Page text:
NTPC Accident Points to a Wider Need to Document and Reduce Workplace Mishaps

India currently lacks comprehensive estimates of all occupational accidents, fatalities and injuries that occur across industrial sectors.

The horrific accident at the National Thermal Power Corporation (NHPC) Plant in Oonchahar (Rae Bareli district of Uttar Pradesh) on November 1 has already claimed 29 lives, with over 100 scalded and injured workers and other persons being treated in hospitals.

The National Human Rights Commission (NHRC) has issued a notice to the Uttar Pradesh government, saying that a “high-level probe into the matter is immediately required to ascertain the negligence and errors, if any, behind the incident which involves the right to life”.

The commission said that there was a need to ensure such tragedies do not recur. Workers who held a demonstration the day after the accident have alleged that the NTPC commissioned the new 500 MW Unit 6 in a hurry and in the process safety measures did not get adequate attention. One explanation that has been given is that blockages in a flue gas pipe in the 500 MW boiler led to a blast that let out hot flue gas and steam.

Also read: How India’s Sixteen Occupational Safety Laws Couldn’t Prevent Two Deaths

On November 4, quoting unidentified senior government officials, Asia Times reported that “negligence and the violation of established safety procedures” were likely the key causes behind the blast.

However, beyond purely technical explanations, we need to look at factors relating to negligence – a demand voiced both by workers and the NHRC. Boiler mishaps are one of the most common industrial accidents. Industrial labour expert Reinald Skiba has written in a paper titled ‘Theoretical Principles of Job Safety’ that “causes of an accident involving a burst boiler may include one or a combination of the following reasons: faulty materials in the boiler wall, inadequate training to ensure safe operations, failure of a pressure relief device, or violations of an operating procedure such as overheating. Without one or more of the deficiencies the accident may not have happened”.

Skiba adds, “In the final analysis, every accident results from faulty conduct of people, because people are always at the end of the causal chain. For example, if faulty material is determined to be the cause of a boiler bursting, then improper conduct existed either on the part of the builder, manufacturer or tester, installer or owner. Strictly speaking, there is no such thing as a technical failure or technical accident cause. The technology is only the intermediate link to the consequences of the improper conduct.”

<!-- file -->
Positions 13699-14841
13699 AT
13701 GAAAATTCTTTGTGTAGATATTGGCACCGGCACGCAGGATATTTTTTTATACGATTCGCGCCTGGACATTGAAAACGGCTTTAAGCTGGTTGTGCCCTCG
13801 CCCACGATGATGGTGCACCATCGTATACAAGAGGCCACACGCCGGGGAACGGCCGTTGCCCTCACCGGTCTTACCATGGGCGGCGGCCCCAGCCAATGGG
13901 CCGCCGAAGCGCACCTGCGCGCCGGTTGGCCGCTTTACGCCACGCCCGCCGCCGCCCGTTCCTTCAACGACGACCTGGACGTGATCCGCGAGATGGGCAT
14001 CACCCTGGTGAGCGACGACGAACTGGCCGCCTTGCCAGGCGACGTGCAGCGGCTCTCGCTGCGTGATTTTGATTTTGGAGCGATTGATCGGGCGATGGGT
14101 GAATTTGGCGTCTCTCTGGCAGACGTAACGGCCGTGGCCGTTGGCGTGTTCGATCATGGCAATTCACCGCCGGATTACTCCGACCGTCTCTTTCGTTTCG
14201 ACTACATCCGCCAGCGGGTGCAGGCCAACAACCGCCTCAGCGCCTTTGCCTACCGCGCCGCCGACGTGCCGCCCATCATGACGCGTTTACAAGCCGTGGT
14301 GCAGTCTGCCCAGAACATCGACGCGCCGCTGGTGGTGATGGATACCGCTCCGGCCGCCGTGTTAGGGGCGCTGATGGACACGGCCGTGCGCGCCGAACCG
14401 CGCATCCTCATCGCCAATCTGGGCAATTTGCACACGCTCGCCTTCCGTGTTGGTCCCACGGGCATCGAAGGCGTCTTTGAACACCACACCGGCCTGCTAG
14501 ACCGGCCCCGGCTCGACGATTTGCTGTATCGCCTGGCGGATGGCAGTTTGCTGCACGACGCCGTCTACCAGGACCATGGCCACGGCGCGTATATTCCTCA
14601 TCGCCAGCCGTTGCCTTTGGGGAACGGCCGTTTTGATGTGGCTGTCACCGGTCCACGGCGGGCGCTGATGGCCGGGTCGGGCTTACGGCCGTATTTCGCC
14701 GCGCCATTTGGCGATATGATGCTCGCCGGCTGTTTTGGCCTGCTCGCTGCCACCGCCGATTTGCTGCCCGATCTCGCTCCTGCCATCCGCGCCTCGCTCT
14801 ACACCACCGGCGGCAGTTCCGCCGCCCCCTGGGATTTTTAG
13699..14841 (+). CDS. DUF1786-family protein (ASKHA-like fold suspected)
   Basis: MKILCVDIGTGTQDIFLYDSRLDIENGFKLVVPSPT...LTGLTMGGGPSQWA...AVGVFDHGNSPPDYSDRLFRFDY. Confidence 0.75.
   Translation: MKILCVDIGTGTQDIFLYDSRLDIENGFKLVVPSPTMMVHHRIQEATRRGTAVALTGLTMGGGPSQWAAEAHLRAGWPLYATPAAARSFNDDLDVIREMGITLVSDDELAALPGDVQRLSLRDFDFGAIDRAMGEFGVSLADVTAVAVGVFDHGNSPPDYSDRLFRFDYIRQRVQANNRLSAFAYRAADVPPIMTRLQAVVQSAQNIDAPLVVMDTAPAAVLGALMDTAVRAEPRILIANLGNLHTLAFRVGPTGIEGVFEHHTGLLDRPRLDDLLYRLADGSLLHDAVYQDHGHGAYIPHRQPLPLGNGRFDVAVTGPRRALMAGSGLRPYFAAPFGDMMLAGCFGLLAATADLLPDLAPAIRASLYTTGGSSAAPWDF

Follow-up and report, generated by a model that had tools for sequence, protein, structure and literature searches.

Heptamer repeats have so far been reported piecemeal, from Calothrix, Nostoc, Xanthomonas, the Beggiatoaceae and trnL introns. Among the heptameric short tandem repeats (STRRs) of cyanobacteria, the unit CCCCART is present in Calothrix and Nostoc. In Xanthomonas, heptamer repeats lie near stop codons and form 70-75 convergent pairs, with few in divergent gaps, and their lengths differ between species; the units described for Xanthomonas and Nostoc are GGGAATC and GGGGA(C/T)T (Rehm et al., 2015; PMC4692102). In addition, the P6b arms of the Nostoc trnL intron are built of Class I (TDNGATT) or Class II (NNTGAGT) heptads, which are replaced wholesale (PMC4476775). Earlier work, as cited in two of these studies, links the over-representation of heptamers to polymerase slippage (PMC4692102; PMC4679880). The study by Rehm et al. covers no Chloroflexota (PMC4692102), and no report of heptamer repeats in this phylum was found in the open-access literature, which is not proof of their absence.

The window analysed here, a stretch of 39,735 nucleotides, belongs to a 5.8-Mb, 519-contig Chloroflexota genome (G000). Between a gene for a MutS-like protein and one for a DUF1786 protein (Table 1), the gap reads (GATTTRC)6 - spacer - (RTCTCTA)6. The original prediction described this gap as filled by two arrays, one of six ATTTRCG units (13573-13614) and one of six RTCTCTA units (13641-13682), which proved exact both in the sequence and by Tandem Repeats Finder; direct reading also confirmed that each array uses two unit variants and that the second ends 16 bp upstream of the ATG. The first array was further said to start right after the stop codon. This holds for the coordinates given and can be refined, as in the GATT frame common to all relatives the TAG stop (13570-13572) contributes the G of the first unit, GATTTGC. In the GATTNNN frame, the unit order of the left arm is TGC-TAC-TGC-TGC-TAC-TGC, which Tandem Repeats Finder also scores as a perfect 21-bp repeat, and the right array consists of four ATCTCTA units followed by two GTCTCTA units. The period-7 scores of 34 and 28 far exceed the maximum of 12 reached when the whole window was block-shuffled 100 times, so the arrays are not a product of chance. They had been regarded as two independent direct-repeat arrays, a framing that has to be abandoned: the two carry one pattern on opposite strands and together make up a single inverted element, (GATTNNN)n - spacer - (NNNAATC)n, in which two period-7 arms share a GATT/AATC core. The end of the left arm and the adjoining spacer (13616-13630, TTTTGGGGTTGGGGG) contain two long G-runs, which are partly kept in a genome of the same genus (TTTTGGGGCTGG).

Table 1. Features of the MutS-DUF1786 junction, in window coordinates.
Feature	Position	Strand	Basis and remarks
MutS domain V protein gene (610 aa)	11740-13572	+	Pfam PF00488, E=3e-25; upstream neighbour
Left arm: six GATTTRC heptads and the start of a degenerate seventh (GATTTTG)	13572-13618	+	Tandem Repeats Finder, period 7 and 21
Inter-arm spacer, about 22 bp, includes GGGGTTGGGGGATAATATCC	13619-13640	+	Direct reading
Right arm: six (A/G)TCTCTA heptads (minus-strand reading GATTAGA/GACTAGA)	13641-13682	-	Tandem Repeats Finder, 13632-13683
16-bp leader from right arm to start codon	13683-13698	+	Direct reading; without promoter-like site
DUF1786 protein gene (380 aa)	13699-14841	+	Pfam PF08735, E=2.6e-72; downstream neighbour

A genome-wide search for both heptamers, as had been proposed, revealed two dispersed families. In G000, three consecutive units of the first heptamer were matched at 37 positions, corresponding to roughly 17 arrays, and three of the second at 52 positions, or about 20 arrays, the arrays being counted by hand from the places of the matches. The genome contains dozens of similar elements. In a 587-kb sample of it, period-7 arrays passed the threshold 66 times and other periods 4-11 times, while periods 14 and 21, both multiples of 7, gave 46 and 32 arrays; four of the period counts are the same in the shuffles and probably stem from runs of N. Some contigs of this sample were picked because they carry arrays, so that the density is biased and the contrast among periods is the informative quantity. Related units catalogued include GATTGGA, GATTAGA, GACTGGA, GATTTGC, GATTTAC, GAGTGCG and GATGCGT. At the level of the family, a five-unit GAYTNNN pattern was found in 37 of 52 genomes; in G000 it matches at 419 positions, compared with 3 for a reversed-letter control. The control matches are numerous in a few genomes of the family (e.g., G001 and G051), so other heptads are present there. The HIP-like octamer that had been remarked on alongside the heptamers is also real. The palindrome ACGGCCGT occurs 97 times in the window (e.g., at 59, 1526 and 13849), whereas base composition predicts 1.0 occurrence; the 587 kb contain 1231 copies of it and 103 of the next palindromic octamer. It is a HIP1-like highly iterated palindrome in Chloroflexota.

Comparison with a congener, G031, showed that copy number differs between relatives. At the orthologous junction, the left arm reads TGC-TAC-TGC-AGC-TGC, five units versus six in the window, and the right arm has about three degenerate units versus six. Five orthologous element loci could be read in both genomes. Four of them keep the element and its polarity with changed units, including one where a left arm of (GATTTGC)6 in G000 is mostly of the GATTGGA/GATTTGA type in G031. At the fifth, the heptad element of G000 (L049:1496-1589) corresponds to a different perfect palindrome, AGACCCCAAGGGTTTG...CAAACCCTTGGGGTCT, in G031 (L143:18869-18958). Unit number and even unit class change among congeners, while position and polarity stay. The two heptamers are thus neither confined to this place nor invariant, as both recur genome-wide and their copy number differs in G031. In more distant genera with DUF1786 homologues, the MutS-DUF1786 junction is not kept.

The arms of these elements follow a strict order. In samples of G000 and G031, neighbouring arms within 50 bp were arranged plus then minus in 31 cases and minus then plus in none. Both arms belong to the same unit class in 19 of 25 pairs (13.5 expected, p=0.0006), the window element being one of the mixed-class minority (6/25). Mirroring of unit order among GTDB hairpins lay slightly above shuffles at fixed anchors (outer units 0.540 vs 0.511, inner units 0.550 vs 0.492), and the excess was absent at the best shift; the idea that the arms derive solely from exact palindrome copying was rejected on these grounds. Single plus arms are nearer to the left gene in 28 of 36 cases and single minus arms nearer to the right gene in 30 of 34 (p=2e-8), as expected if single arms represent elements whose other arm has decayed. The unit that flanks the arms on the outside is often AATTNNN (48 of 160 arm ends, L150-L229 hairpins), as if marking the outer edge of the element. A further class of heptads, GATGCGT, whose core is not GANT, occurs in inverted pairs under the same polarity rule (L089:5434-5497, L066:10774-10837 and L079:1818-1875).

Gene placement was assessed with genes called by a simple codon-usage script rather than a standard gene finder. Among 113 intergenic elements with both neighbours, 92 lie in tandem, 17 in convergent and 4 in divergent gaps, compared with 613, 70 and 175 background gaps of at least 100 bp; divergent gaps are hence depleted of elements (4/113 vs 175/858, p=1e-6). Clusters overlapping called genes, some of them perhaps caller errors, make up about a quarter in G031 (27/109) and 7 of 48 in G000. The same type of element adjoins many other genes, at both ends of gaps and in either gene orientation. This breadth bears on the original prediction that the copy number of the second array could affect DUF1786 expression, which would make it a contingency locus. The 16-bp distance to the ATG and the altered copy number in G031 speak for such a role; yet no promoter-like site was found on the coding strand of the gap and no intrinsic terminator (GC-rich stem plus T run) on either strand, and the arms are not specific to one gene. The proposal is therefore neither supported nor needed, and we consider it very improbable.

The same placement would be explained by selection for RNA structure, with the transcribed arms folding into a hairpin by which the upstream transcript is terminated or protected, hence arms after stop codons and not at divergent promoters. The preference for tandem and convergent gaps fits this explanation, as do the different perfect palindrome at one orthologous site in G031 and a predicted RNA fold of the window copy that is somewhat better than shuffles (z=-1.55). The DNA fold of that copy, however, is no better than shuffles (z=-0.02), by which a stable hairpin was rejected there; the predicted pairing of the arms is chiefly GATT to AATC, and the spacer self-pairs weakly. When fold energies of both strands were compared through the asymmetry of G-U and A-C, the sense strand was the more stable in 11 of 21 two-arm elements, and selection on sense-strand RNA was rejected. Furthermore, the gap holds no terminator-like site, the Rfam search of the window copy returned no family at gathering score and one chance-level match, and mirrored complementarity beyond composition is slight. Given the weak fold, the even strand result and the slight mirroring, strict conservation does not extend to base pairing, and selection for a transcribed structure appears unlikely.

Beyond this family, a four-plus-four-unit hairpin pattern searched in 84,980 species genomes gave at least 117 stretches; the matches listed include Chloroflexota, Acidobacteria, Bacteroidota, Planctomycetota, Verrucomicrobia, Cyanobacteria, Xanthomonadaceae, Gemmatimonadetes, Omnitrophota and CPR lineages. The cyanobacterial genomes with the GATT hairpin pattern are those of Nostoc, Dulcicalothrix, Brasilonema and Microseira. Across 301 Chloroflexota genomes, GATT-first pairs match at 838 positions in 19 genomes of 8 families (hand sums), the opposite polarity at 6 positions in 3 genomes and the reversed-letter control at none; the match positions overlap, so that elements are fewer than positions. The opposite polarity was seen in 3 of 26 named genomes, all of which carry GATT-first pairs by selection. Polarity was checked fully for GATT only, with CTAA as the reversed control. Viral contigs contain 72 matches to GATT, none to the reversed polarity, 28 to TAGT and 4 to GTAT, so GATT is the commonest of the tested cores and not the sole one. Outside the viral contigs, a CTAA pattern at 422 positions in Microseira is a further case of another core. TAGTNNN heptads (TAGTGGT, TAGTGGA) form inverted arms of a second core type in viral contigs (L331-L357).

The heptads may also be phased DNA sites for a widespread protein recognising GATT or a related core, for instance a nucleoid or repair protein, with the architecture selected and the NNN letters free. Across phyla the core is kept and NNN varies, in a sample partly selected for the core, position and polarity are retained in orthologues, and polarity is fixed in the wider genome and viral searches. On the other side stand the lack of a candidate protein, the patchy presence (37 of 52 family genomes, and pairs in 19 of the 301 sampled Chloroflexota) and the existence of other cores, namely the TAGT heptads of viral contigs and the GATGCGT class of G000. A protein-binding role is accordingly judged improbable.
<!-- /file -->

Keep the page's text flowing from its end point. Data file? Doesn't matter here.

Beyond the NTPC accident, there is also a need to bring down workplace or occupational accidents in India. Even the first step of knowing in a credible way the number of occupational accidents as well as deaths and serious injuries linked to these has been neglected to an alarming extent. As workplace accidents are understated to a huge extent, the wider realisation for major steps and matching budgets to improve workplace safety is missing in India.

To understand the seriousness of the issue of workplace safety, let us take a look at world-level data. Writing in the Encyclopedia of Occupational Health and Safety, Jorma Saari has provided an overview based on International Labour Organization (ILO) data. To quote, “120 million occupational accidents occur annually at workplaces worldwide. Of these 2,10,000 are fatal accidents. Every day, more than 500 men or women do not come back home because they were killed by accidents at work.”

Pointing to the high risk from occupational injuries, Gordon S. Smith and Mark A. Veazle have written in a paper titled ‘Principles of Prevention-the Public Health Approach to Reducing Injuries in the Workplace’, that “one out of three nonfatal injuries and one out of six fatal injuries to work-age persons in the United States occur on the job. Similar patterns apply in most of the developed countries. In middle and low-income countries, a rapid and relatively unregulated pace of industrialisation may result in a nearly global pandemic of occupational injuries.”

Comprehensive estimates of all occupational accidents, fatalities and injuries are simply not available in India, but what we know is that accidents have been painfully high for a long time in sewage work, several kinds of mining, chemicals and explosives and ship-breaking. At the same time, some work areas not considered hazardous earlier are now becoming risky, as seen in the alarmingly high pesticide poisoning cases in the farms of the Vidarbha region. As the pressure of speeding up work has increased in several industries, accidents have also increased. Modernisation planning in many areas is guided increasingly by profits rather than safety.

A study of safety in Gurgaon Manesar industrial belt in 2015 by SafeIndia and Agrasar revealed that nearly a thousand workers experience serious accidents in the belt in a year, most of which result in permanent disabilities. In one accident, an industrial robot killed a young worker. A worker stated that in any factory, one can find ten workers with broken fingers.

While such sporadic studies and reports draw attention to the seriousness of occupational accidents in India, there is a need for building a comprehensive and credible data base at the national level and then using this as a resource for planning to reduce occupational accidents to a significant extent. Several countries like Sweden, Finland, Japan and Germany have been able to reduce fatal occupational accidents by 60-70% within three to four decades or even less.

Bharat Dogra is a freelance journalist who has been involved with several social movements and initiatives.